Crofting which is small scale farming is the main occupation with most crofts averaging around 2-2.5 hectares or 5-6 acres. The total area of the island is around 12.65 km² or 4.8 square miles and since the turn of the 20th century it has been owned by the wealthy Holbourn family.
The Sneug at 418 metres (1,371 ft.) is the highest point of the island and rivals Hirta’s Conachair 430 metres (1,410 ft.) as the highest cliff in the British Isles.
The climate is relatively mild considering how far north it is, while in January St Petersburg and Anchorage freeze in many degrees of frost Foula’s winters generally mean wind and rain rather than snow and ice. Summers are cool with July maximums in the mid-teens Celsius with very long daylight hours – in fact almost 24 hour daylight in June – the so-called `Simmer Dim` when the sun only dips below the horizon for a few hours between about midnight and 3 am.
A famous ship once ran aground off Foula in September 1914 during the First World War. It was the sister ship of the RMS Titanic – the equally opulent RMS Oceanic. Built as a luxury liner for White Star it was pressed in to wartime service.
She had sailed on her maiden voyage on 6 September 1899 and was the largest ship in the world until 1901.
At the outbreak of World War I in 1914 she was commissioned into Royal Navy service on 8 August 1914, as an armed merchant cruiser.
On 25 August 1914, the newly designated HMS Oceanic departed Southampton to patrol the waters from the North Scottish mainland to the Faroes, in particular around Shetland.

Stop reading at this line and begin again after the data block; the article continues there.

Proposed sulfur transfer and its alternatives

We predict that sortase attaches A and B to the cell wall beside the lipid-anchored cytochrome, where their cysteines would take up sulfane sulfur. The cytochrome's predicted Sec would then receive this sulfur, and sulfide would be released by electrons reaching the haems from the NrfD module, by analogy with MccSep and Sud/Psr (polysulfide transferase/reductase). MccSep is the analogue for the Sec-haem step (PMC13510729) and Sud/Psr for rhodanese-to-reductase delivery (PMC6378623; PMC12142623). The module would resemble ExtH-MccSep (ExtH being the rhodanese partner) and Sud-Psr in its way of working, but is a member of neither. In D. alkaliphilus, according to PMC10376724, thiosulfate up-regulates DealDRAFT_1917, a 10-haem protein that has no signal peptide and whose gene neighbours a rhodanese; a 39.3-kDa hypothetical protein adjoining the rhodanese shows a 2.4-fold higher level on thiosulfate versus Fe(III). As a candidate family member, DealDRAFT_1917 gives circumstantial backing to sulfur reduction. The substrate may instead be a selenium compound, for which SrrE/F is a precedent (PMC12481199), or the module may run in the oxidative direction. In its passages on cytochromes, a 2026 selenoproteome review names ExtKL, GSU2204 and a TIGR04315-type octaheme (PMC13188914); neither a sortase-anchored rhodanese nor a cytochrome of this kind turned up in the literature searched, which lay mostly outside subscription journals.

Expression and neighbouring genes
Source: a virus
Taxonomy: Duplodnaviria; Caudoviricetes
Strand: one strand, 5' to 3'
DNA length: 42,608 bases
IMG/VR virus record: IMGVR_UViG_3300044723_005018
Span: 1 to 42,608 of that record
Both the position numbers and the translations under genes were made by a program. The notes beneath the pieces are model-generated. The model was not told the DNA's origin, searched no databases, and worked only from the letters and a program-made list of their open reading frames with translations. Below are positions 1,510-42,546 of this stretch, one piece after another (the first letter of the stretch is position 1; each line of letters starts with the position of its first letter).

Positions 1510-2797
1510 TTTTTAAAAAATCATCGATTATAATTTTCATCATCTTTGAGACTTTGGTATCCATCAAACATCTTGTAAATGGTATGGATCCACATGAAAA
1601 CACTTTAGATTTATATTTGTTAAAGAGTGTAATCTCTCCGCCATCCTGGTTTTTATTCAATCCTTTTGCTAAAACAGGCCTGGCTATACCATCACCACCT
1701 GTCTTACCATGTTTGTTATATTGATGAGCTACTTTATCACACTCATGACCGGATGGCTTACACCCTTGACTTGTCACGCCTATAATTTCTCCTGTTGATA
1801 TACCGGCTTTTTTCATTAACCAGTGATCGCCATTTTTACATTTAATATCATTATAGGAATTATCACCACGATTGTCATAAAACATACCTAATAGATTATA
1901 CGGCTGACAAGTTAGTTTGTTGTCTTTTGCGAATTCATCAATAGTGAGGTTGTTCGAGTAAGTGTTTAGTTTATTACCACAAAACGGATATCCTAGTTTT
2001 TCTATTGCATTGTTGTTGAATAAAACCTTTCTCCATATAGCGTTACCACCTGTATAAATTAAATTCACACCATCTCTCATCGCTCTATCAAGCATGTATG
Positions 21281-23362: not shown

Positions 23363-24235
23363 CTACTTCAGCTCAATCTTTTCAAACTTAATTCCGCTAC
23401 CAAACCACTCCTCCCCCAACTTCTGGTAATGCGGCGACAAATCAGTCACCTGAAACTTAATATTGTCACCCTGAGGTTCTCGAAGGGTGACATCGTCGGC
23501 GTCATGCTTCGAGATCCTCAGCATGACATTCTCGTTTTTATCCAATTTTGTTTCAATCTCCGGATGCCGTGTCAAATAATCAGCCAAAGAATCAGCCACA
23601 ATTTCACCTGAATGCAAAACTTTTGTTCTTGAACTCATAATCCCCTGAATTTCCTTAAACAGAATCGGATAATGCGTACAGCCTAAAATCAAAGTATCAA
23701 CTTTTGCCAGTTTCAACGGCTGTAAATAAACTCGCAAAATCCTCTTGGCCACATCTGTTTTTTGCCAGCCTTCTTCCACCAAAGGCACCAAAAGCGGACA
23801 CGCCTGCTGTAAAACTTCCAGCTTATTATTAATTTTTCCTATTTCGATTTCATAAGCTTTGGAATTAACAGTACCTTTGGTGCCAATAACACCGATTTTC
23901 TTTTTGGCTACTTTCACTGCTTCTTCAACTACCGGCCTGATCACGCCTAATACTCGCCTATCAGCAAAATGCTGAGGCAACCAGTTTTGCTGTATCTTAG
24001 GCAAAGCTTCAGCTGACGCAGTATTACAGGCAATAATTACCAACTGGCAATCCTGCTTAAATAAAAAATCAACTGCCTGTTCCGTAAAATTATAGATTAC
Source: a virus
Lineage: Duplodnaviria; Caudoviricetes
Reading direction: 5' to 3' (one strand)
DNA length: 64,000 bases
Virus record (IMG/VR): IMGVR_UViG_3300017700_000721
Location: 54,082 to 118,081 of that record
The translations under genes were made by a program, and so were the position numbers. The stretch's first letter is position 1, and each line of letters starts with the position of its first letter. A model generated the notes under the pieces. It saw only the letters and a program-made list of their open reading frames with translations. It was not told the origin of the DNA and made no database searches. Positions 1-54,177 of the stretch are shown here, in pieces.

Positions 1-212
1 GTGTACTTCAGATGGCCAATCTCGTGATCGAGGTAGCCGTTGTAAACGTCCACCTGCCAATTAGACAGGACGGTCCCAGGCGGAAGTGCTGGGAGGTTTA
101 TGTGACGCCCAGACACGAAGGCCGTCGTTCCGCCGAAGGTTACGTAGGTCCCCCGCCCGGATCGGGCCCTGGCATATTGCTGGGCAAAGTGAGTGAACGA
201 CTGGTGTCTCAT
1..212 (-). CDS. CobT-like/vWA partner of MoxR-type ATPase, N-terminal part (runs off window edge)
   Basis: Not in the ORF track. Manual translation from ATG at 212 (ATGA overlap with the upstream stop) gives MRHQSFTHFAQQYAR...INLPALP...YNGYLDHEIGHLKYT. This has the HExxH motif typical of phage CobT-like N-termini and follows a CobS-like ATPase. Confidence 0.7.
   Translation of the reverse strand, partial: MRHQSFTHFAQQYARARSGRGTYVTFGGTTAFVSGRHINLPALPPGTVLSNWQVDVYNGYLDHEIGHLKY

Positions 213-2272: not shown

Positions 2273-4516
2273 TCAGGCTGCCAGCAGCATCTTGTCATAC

Due to a navigational error the ship was on the wrong side of the Isle of Foula and the boat ran directly onto the notorious Shaalds reefs on the morning of 8 September 1914. She was wrecked in a flat calm and clear weather. She was the first Allied passenger ship to be lost in the war.
The incident involved no loss of life but what was or would have been a major news story was covered up due to wartime censorship. Thus the name of the Oceanic is generally unknown. The wreck of the ship lay in shallow waters for many years and was not fully salvaged until 1979.
Charles Lightoller who was the most senior officer to survive the Titanic disaster was the first officer on the Oceanic when history nearly repeated itself.
I stayed on Foula for two nights and did a fair amount of walking though passing on the temptation to climb the high hills whatever the view rewarded.
On my coming back on the Saturday morning I watched the remote island gradually disappear wondering if I would return. I have an idea that several of the other passengers will not be revisiting after they were very sick during what was a very turbulent return journey with the wind and tide making the small vessel bob like a cork.
Foula is an awkward place to get to and may not suit everyone. If you like shopping malls, multiplex cinemas and casinos it’s probably not for you. It has its own unique charm though and the folk settled there have no intention of abandoning their island home as the St Kildans did some 84 years ago.